For cases where no certificates are configured in IIS, the Federation Server Configuration Wizard will query the “Local Machine\MY” certificate store for all valid certificates (certificates with private keys and subject names) and display them in the “SSL certificate” dropdown. The selected certificate will automatically be configured as the SSL certificate. During this process, it is important to make sure that the certificate you selected is not removed or modified from the certificate store before the Federation Server Configuration Wizard is completed.
If you have no certificates in the “Local Machine\MY” store and no SSL certificate configured in IIS, you can use the Server Certificate Generator in IIS to create a certificate. Finally, the port field must match the SSL binding configuration. You will be able to make a selection in this combo box if multiple values are present. Let’s move on to the next page.
Now is where the fun begins. Select the account under which the service will run. I recommend creating a service account in Active Directory for this specific purpose because the service account will be granted the SeServiceLogonRight and the SeAuditPrivilege by the Initial Configuration Wizard. For more information about how to do this, see Manually Configure a Service Account for a Federation Server Farm.
Once the account is created, click Browse and locate the account. Enter the password for the account and click next to proceed.
This is a simple page that lists the steps the Federation Server Configuration Wizard will follow to configure your new federation server. Review this information carefully as it will prepare you for the road ahead. When you are ready, click Next to begin configuring your federation server.
Up to this point, the Federation Server Configuration Wizard has been collecting data on how your federation server will be deployed, but it has not actually made any changes to your machine yet. On this page, you can see the wizard running through each individual task to configure your federation server.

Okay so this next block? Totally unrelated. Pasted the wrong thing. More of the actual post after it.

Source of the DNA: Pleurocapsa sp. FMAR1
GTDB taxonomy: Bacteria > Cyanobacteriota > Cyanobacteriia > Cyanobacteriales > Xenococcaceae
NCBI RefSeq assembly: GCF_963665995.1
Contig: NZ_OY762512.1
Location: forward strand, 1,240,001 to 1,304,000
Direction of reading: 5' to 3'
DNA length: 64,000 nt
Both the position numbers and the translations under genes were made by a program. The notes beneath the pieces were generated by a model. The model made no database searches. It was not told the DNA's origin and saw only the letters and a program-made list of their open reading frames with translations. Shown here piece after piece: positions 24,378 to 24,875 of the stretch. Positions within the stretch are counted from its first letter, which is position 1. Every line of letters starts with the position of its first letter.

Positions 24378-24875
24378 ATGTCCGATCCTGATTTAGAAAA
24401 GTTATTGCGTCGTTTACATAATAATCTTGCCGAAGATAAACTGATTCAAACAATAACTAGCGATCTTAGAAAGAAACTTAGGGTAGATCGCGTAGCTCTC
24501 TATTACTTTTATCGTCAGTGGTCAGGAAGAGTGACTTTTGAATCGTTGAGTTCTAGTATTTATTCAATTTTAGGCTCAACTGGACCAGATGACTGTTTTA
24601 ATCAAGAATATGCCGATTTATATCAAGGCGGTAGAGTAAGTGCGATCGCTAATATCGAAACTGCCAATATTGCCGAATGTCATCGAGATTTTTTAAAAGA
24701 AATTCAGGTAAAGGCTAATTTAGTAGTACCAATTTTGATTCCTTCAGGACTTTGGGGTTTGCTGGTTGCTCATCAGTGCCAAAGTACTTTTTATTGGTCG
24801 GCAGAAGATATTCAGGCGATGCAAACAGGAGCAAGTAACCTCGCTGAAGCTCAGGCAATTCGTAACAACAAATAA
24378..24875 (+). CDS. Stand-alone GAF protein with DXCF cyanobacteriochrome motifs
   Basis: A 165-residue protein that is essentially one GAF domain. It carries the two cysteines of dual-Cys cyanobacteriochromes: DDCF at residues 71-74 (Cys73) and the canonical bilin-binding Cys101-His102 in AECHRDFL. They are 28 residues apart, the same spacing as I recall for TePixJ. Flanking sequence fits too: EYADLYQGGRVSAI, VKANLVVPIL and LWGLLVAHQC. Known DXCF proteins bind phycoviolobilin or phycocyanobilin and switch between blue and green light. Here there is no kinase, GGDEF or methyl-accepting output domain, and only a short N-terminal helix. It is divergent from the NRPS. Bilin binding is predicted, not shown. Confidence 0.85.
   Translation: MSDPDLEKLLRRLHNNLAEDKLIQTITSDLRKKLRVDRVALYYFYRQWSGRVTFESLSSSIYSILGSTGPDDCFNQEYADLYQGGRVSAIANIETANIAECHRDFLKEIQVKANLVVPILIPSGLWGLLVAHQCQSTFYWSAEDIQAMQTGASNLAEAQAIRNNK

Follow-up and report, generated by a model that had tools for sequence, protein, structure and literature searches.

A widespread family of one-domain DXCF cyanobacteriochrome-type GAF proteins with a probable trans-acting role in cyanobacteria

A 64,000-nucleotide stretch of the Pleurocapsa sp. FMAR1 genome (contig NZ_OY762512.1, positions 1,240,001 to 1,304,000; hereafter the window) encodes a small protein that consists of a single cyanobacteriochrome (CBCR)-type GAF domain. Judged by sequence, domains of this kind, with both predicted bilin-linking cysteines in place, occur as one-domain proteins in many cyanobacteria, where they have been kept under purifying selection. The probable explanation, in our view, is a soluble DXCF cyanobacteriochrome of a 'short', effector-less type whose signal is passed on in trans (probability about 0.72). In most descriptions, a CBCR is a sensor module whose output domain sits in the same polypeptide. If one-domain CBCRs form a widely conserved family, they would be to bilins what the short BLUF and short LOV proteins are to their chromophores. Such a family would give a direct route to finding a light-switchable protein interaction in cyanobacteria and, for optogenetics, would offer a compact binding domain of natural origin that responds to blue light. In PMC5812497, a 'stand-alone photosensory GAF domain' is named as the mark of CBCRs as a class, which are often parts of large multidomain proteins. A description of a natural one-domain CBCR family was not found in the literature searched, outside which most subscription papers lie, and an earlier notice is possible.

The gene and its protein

The specific configuration steps vary depending on what options you chose in the previous pages. During this phase, certain tasks may complete with warnings or additional information. If this occurs, click on the link for more details. If any tasks fail, this page will let you know which one(s) failed and why. When you have finished reviewing the information on this page, click “Close” to complete the Federation Server Configuration Wizard.
Once you have completed the Federation Server Configuration Wizard, the federation server is now deployed and running. However, there are other configuration steps you must observe before the federation server can do anything useful. Namely, you will need to configure the policy settings from within the AD FS 2.0 Management snap-in. This and more advanced topics, such as federation server farms, will be covered in other posts.
If you are looking for general design and deployment guidance for how to configure a federation server, try reading the following topics in the AD FS 2.0 TechNet library:
· Deploying Federation Servers
· When to Create a Federation Server
· When to Create a Federation Server Farm
I hope this post has been informative and helpful.
Software Design Engineer
AD FS Team